century sect leader in Palestine who was also popular with the poor. (See Matthew 5:3, Luke 6:20) One reason Rampal’s followers are so rambunctious is that they come from the “lower” classes of Indian society.
Nor was Rampal’s compound a place of sexual and pharmaceutical liberty, as was that of Bhagwan Shree Rajneesh in Oregon, for example. (The Bhagwan later returned to India, cut out most of the sexual shenanigans, and renamed himself Osho shortly before his death—his teachings are still popular today.) In fact, Rampal preached against adultery and “vulgar singing and dancing.”
- Quote :
- His teaching is revolutionary in still-caste-divided India. It also resembles those of a 1st-century sect leader in Palestine who was also popular with the poor.
Nor, finally, are Rampal’s self-aggrandizing pronouncements unusual in the Indian context. Yes, he has declared himself to be a reincarnation of Kabir. Yes, he has demanded absolute loyalty from his followers. And yes, that authoritarian, patriarchal guru-power structure, invariably, always leads to abuses.
But none of this is unusual. India is full of gurus, from the recently deceased (or is he?) Sai Baba to Indira Gandhi’s personal guru, Dhirendra Brahmachari. And while guru literally means “teacher,” in Hindu and Buddhist contexts, it often means much more. Disciples must surrender totally to the external guru (the teacher) and the internal guru (one’s own “higher power”) in order to break the ego and progress. Buddhist and Hindu literature is rich with stories of disciples finally learning to surrender in this way.
The phrase of choice to describe Rampal is “self-styled god-man,” which has been repeated ad nauseam in the press. But as Indian-American author Rajiv Malhotra tweeted, “All Hindu gurus r self appointed bcause there is no Vatican like central authority.”
And as for “god-man,” this, too, is traditional in nature. The divine/human line is not as clear in Hinduism as it is in, say, Christianity (with the exception of Jesus, of course). Fully enlightened beings may be avatars, incarnations of various deities. Rampal may or may not be one of them (I would guess not), but the claim is not, itself, that unusual when seen in cultural context. The miracles attributed to him are also par for the course.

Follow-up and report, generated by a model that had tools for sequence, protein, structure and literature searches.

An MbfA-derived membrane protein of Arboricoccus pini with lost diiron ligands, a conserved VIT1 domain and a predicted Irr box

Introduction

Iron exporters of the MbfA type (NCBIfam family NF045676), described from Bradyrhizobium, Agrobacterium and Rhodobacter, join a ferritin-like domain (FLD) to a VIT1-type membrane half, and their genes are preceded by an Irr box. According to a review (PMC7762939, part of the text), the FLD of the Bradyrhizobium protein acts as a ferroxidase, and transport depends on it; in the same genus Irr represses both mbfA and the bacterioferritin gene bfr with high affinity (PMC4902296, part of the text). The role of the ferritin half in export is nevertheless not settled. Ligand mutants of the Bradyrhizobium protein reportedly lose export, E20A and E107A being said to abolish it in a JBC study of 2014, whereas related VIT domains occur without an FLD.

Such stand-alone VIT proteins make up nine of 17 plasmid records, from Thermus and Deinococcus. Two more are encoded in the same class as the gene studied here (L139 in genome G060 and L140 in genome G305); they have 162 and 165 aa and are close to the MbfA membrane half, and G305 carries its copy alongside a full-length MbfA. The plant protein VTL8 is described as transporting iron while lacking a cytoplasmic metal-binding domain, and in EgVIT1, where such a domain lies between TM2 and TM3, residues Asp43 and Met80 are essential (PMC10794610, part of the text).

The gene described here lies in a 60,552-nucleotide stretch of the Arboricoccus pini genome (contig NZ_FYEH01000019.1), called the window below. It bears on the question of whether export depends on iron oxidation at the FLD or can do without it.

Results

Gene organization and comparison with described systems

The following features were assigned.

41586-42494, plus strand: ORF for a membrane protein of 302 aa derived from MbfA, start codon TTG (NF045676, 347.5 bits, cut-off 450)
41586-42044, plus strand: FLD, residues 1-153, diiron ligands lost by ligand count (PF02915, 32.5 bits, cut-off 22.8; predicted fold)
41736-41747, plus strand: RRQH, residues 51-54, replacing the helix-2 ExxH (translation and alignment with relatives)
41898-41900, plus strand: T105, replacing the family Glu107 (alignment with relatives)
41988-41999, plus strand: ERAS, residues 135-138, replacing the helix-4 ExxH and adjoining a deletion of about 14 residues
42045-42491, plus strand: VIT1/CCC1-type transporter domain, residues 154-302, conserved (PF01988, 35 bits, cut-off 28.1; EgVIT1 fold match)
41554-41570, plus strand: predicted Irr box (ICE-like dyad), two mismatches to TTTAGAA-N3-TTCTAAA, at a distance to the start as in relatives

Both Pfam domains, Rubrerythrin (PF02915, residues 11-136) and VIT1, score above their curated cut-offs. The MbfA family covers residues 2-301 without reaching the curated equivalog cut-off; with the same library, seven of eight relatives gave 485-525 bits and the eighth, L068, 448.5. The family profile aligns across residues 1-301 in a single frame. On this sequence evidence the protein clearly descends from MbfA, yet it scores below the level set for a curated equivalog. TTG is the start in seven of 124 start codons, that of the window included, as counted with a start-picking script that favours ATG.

Clearly, Rampal is a charismatic leader who has used his power in weird, possibly criminal ways. But every tradition has this: mana, shaktipat, ruach ha’kodesh; “charisma” itself comes from the Greek word χάρισμα, roughly meaning divinely conferred grace. Anyone who has been in the presence of a charismatic leader, sacred or secular, can confirm that there is some mysterious personality trait that such individuals possess. It may be woo to call it energy, or grace, or the Holy Spirit; it may just be some weird social trait. But I’ve met many such people (Bill Clinton, an assortment of gurus, rock stars), and it’s definitely a thing.
So, is Rampal really that different from a corrupt, charismatic megachurch leader felled by scandal? The theology is different. So are the clothes. The level of devotion is more intense than one might find in Lake Forest, California.
But in a country struggling with modernization, and with 27 percent of its population living in poverty, the miracles and messages of gurus like Rampal remain highly attractive, just like those of charismatic religious leaders here. We might look at what happened this week and think of David Koresh or Jim Jones. Maybe we might look a little closer.
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|Subject: modern guru gone wild story - from India.... hold on to your bodily parts Sat Jan 10, 2015 12:06 pm|| |
Guru who ordered 400 followers to be castrated 'so they could be closer to God' is investigated for grievous bodily harm in India
- Gurmeet Ram Rahim is already facing trial over the murder of a journalist
- And he has faced allegations that he sexually exploited female followers
- Latest investigation follows complaint from a former follower of his sect
By Afp and Damien Gayle for MailOnline -
Published: 11:58 EST, 8 January 2015 A guru who ordered 400 of his followers to undergo castrations he said would bring them closer to God is under investigation by police in India.The country's top crime fighting agency registered a case against Gurmeet Ram Rahim - known as the 'guru in bling' for his penchant for garish clothes and jewellery - over the operations at his ashram.
The Central Bureau of Investigation (CBI) said Rahim is being investigated for criminal intimidation and causing grievous bodily hurt after an alleged 400 castrations were carried out.
'Guru in bling': Gurmeet Ram Rahim is being probed by India's Central Bureau of Investigation after a former follower alleged he ordered 400 men to submit to castrations he said would bring them closer to godThe guru, who heads the Dera Sacha Sauda organisation based in Haryana state, is already facing trial for conspiracy over the murder of a journalist in 2002, as well as with claims of sexually exploiting female followers.The latest case was filed after one of his devotees, Hansraj Chauhan, lodged a complaint in court alleging he was manipulated into having the 'painful' operation at the ashram.'They were told that only those who get castrated will be able to meet god,' Mr Chauhan's lawyer, Navkiran Singh, told AFP. 'We will put all the facts of the case to the court and seek compensation for the victims.'